August 1, 2009


Our new bee hive is extremely active and has grown enormously. During the last 2 weeks, as the sun is rising, I go out over the bridge to the mullein garden and watch the bees beginning their day. Already by 6am hundreds of bees are flying in and out of the hive, bringing in pollen and nectar. The Greek Mullein(Verbascum olympicus) garden is a very short distance from the hive and the flowers are in full bloom right now. These flowering stalks are covered with hundreds of bees by 6:30 and the bees pollen baskets are a beautiful salmon color-the color of the mullein flowers pollen. We placed our first honey super on top of the 2 hive body boxes which are full of honey. Remarkable for a first year hive! I am convinced that placing this hive in the herb garden has contributed to the robustness of the hive.




July 15, 2009

 

The last five days have brought us sun!! We have been very busy harvesting lemon balm, St Johnswort flowers, feverfew, motherwort and yarrow.  We began our mullein flower harvest for the ear oil drops and mullein flower elixir today. The gathering of mullein flowers early in the morning is one of my favorite garden tasks. The slow rhythm of hands reaching for the delicate yellow blossoms is meditative and quieting. And the sweet smell of the mullein flowers fills the early morning air with a floral fragrance that attracts several pollinators-especially our honey bees.

 

 

 

July 4, 2009

 

An amazingly sunny day. Our new bee hive is very active. Every day I am delighted to watch the bees coming and going from the hive. The new hive has been placed at the far end of one of our gardens so viewing bee activity is now easy. Was in the garden by 5am this morning and worked until dusk. So happy to feel the warmth of the sun on my arms and to finally be harvesting baskets of herbs.

 


July 3, 2009

Photo of apprentices and Deb


Deb and Apprientices

 

 

 

 

 

July 2, 2009

 

The hawthorn hedge is just coming into bloom, two weeks later than last year. As soon as the sun appears we will begin our hawthorn flower harvest. The trees and perennials in and around the gardens are lush and green from the 11 inches of rain we received during the month of June-a record rainfall for June. The peonies have been beautiful and the lemon balm plants are the largest I have ever seen from all the rain. The five of us working in the gardens are managing okay. Some days we wonder if perhaps we are living in England instead of Maine.

 

 

 

June 27, 2009

 

Last year we transplanted several beds of Arnica chamissonsis into four different areas of the garden. I am seeing that the arnica plants growing in the wettest area of the garden are the most productive, much to my surprise. Some of these arnica beds are in standing water because of the 8 inches of rain we have had so far this June. A few hours of sun here and there in the past 2 weeks has allowed us to harvest several pounds of flowers and prepare over 7 gallons of arnica oil of which I am most grateful.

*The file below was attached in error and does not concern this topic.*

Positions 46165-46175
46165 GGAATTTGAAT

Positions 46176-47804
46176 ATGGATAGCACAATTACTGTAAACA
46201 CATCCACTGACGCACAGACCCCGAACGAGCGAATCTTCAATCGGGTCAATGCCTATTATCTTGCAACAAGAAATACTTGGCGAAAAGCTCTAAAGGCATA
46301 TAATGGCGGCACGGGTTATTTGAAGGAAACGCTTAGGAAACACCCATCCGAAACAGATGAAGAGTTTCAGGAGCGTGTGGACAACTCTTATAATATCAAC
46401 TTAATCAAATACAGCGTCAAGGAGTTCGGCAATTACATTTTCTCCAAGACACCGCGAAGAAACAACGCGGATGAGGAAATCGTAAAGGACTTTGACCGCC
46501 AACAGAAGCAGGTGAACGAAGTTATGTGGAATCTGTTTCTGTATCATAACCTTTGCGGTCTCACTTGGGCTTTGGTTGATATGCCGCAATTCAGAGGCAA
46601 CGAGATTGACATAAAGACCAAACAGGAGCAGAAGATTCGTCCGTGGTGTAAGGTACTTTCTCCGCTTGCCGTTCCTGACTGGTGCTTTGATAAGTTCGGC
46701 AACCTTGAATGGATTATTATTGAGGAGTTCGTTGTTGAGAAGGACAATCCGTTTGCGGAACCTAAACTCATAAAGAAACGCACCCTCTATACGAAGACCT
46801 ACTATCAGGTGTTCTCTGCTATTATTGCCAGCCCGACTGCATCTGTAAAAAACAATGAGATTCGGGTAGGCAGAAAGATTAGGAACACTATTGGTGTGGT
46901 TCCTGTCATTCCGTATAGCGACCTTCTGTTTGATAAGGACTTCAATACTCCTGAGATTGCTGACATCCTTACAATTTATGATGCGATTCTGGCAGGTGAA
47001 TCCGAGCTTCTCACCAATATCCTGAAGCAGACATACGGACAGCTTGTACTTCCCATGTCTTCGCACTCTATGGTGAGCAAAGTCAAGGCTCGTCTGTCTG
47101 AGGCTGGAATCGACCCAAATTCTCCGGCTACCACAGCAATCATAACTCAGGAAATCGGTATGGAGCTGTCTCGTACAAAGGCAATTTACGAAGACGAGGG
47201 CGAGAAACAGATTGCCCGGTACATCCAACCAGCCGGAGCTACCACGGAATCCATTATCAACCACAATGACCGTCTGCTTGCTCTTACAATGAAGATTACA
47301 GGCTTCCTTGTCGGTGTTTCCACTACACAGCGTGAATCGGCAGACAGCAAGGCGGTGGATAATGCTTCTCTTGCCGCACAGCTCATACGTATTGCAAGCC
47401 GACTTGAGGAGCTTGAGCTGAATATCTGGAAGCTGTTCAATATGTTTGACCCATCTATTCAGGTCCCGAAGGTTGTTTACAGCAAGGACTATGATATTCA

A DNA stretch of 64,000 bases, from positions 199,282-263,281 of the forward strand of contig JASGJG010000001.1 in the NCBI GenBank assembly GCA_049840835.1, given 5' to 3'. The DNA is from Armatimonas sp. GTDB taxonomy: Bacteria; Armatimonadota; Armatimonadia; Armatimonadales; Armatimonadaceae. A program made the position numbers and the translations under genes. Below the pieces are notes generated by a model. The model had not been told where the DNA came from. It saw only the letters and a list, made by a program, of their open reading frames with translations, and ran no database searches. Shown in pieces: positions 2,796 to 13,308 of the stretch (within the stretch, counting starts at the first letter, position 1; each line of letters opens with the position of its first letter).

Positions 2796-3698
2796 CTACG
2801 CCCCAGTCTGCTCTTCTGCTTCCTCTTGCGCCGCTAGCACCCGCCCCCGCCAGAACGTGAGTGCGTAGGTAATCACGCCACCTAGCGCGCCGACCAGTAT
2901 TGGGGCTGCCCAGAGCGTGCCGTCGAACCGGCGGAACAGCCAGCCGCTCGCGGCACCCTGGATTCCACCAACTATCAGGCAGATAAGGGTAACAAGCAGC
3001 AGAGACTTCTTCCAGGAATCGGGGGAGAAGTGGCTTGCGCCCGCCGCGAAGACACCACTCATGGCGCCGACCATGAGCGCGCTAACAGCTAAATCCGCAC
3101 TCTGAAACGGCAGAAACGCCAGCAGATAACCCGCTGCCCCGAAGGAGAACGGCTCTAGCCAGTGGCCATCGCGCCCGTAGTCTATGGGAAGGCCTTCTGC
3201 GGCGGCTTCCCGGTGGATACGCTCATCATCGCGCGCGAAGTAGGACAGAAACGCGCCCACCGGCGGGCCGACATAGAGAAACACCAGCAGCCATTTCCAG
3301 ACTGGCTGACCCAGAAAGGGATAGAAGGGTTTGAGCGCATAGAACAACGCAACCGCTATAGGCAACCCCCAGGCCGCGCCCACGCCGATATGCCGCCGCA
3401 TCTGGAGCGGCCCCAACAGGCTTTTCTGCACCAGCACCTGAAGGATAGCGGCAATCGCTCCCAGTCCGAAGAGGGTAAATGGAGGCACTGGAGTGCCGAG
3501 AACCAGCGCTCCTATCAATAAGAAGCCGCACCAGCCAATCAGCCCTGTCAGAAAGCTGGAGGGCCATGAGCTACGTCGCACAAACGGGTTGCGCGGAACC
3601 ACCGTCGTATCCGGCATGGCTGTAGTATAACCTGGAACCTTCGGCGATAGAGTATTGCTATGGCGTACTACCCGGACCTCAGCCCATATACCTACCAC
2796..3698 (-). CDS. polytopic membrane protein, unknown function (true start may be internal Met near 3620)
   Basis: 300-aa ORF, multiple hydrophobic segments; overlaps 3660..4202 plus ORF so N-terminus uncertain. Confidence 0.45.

June 21, 2009

 

Summer Solstice. Several rosa rugosas are blooming in the new rose garden and we have begun collecting the petals early in the morning for the rose petal elixir. The center thyme circle is in full flower. Tonight I walked barefoot on the creeping thyme plants-so soft-and lingered amongst the thyme plants, watching the night fall and the fire flies dance. 

 

 


May 15, 2009

 

Two male ruby throated hummingbirds arrived to Avena’s gardens a week ago, May 8. I spent  10 hours working in the garden the next day, extremely happy to have their company. They were quite active, especially visiting the blue-flowering catmint hedge that lines the butterfly garden. Catmint (Nepeta faassenii) is a low growing perennial that forms clumps 12-15 inches tall, making it a lovely border plant. It prefers dryer soil and full to partial sun. It is a very aromatic herb, different than “Catnip” which grows 3-4 feet tall. The fragrant blue flowers begin to bloom around the time the hummingbirds return, making it an important perennial to consider growing on behalf of these tiny birds who migrate all the way from Mexico and the northwest corner of Cost Rica. Catmint flowers and leaves makes a lovely tasting tea, fresh or dried, helping ease belly aches and indigestion.

 



May 7, 2009

 

The two large Willow trees adjacent to Avena’s farmhouse are in full flower and incredibly fragrant. Yesterday we planted several small True Solomon Seal roots (Polygonatum canaliculatum) in a semi-wooded area behind the large kiwi arbor. The well established Solomon Seal plants in another part of the garden are 2 feet tall and about to flower. These flowers are important nectar sources for the ruby throated hummingbirds when they first arrive. The lungworts (Pulmonaria officinalis) and bleeding hearts (Dicentra spectabilis) are also early spring flowers that the ruby throated hummingbirds appreciate. I am eagerly awaiting the arrival of the first hummingbirds which for us on the coast of Maine is between May 1 and May 15.



April  25, 2009